ORIGINAL ARTICLE – PANCREATIC TUMORS
Impact of Tumor Grade on Prognosis in Pancreatic Cancer:
Should We Include Grade in AJCC Staging?
Nabil Wasif, MD1, Clifford Y. Ko, MD, MSHS2,3, James Farrell, MD4, Zev Wainberg, MD5, Oscar J. Hines, MD2,
Howard Reber, MD2, and James S. Tomlinson, MD, PhD2,3
1John Wayne Cancer Institute at Saint John’s Health Center, Santa Monica, CA;2Department of Surgery, David Geffen
School of Medicine at UCLA, Los Angeles, CA;3Department of Surgery, Greater Los Angeles VA Healthcare System, Los
Angeles, CA;4Division of Digestive Diseases, David Geffen School of Medicine at UCLA, Los Angeles, CA;5Division of
Hematology, David Geffen School of Medicine at UCLA, Los Angeles, CA
Background. AJCC staging of pancreatic cancer (PAC) is
used to determine prognosis, yet survival within each stage
shows wide variation and remains unpredictable. We
of this variation and that the addition of grade to current
AJCC staging would provide improved prognostication.
Methods. The Surveillance,
Results (SEER) database (1991–2005) was used to identify
8082 patients with resected PAC. The impact of grade on
overall and stage-specific survival was assessed using Cox
regression analysis. Variables in the model were age, sex,
tumor size, lymph node status, and tumor grade.
Results. For each AJCC stage, survival was significantly
worse for high-grade versus low-grade tumors. On multi-
variate analysis, high tumor grade was an independent
predictor of survival for the entire cohort (hazard ratio
[HR] 1.40, 95% confidence interval [95% CI] 1.31–1.48) as
well as for stage I (HR 1.28, 95% CI 1.07–1.54), stage IIA
(HR 1.43, 95% CI 1.26–1.61), stage IIB (HR 1.38, 95% CI
1.27–1.50), stage III (HR 1.28, 95% CI 1.02–1.59), and
stage IV (HR 1.58, 95% CI 1.21–2.05) patients. The
addition of grade to staging results in a statistically sig-
nificant survival discrimination between all stages.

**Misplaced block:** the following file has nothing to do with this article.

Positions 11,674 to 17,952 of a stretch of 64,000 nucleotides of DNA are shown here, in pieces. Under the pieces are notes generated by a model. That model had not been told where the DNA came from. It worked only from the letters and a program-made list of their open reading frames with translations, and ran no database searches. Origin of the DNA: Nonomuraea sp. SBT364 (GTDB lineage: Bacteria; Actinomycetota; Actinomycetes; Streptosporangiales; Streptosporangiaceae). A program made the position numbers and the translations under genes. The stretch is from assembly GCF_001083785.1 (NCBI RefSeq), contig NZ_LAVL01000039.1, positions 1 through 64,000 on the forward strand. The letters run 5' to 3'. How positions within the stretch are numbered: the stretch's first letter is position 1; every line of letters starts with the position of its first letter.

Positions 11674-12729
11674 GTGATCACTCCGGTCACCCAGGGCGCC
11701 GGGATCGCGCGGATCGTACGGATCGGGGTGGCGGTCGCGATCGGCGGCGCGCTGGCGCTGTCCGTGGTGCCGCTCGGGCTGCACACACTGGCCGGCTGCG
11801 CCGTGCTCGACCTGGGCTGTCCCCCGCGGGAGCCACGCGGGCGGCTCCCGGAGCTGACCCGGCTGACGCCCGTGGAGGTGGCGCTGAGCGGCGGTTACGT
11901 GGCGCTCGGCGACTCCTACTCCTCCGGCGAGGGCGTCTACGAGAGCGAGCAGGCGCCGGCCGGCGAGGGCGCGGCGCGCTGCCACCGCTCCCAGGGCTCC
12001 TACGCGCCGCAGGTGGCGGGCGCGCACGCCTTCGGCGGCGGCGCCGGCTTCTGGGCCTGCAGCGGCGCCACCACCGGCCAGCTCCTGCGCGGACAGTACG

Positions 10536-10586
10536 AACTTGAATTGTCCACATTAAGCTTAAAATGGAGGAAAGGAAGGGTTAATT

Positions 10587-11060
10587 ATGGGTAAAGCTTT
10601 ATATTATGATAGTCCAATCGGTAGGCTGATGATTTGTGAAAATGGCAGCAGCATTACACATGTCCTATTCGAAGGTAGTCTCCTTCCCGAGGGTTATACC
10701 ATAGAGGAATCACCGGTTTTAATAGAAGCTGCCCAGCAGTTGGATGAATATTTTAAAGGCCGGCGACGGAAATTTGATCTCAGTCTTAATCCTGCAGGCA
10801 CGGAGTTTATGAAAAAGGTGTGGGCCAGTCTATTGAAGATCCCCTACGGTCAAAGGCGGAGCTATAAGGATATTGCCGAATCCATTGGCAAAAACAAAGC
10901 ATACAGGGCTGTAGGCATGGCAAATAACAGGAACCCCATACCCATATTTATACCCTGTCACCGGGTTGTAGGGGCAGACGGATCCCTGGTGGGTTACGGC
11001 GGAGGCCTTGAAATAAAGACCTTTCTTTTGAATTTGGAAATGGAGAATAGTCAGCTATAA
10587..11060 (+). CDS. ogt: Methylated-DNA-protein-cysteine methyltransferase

Conclusions. Tumor grade is an important prognostic
variable of survival in PAC. We propose a novel staging
Epidemiology, and End
system incorporating grade into current AJCC staging for
pancreas cancer. The improved prognostication is more
reflective of tumor biology and may impact therapy deci-
sions and stratification of future clinical trials.
The American Joint Commission on Cancer (AJCC)
tumor node metastasis (TNM) staging system is the ‘‘lan-
guage of cancer’’ by which physicians communicate about
the disease process.1Staging ensures an objective, repro-
ducible classification of the extent of disease and is our
most important determinant of treatment recommendations.
For research purposes, clinical trials depend on staging for
appropriate patient stratification upon which accurate
measurement of the treatment effect under study can be
performed. Perhaps most importantly to the patient, staging
is our best tool to provide prognostic information in our
effort to manage patient expectations in the context of a
suggested treatment plan.
Current staging for pancreatic cancer is based on the 6th
edition of the AJCC Cancer Staging Manual, published in
2002 (Table 1).2This update has been validated for pan-
creatic cancer using the National Cancer Database (NCDB)
and shown to have good survival discrimination between
stages.3However, because survival within a particular
stage is highly variable, the Memorial Sloan Kettering
Cancer Center (MSKCC) developed a nomogram to better
predict the likelihood of disease-specific survival after
initial resection for pancreatic carcinoma.4This nomogram
incorporates additional factors into the predictive model
not included in traditional TNM staging, one of which is
the degree of differentiation or grade of the tumor. Pre-
dictions by the nomogram discriminated better than AJCC
stage, suggesting that incorporation of additional variables
No financial disclosures or conflicts of interest for any of the authors.
? The Author(s) 2010. This article is published with open access
First Received: 19 April 2009;
Published Online: 27 April 2010
J. S. Tomlinson, MD, PhD
Ann Surg Oncol (2010) 17:2312–2320
would improve accuracy. This nomogram was indepen-
dently validated by the group at Massachusetts General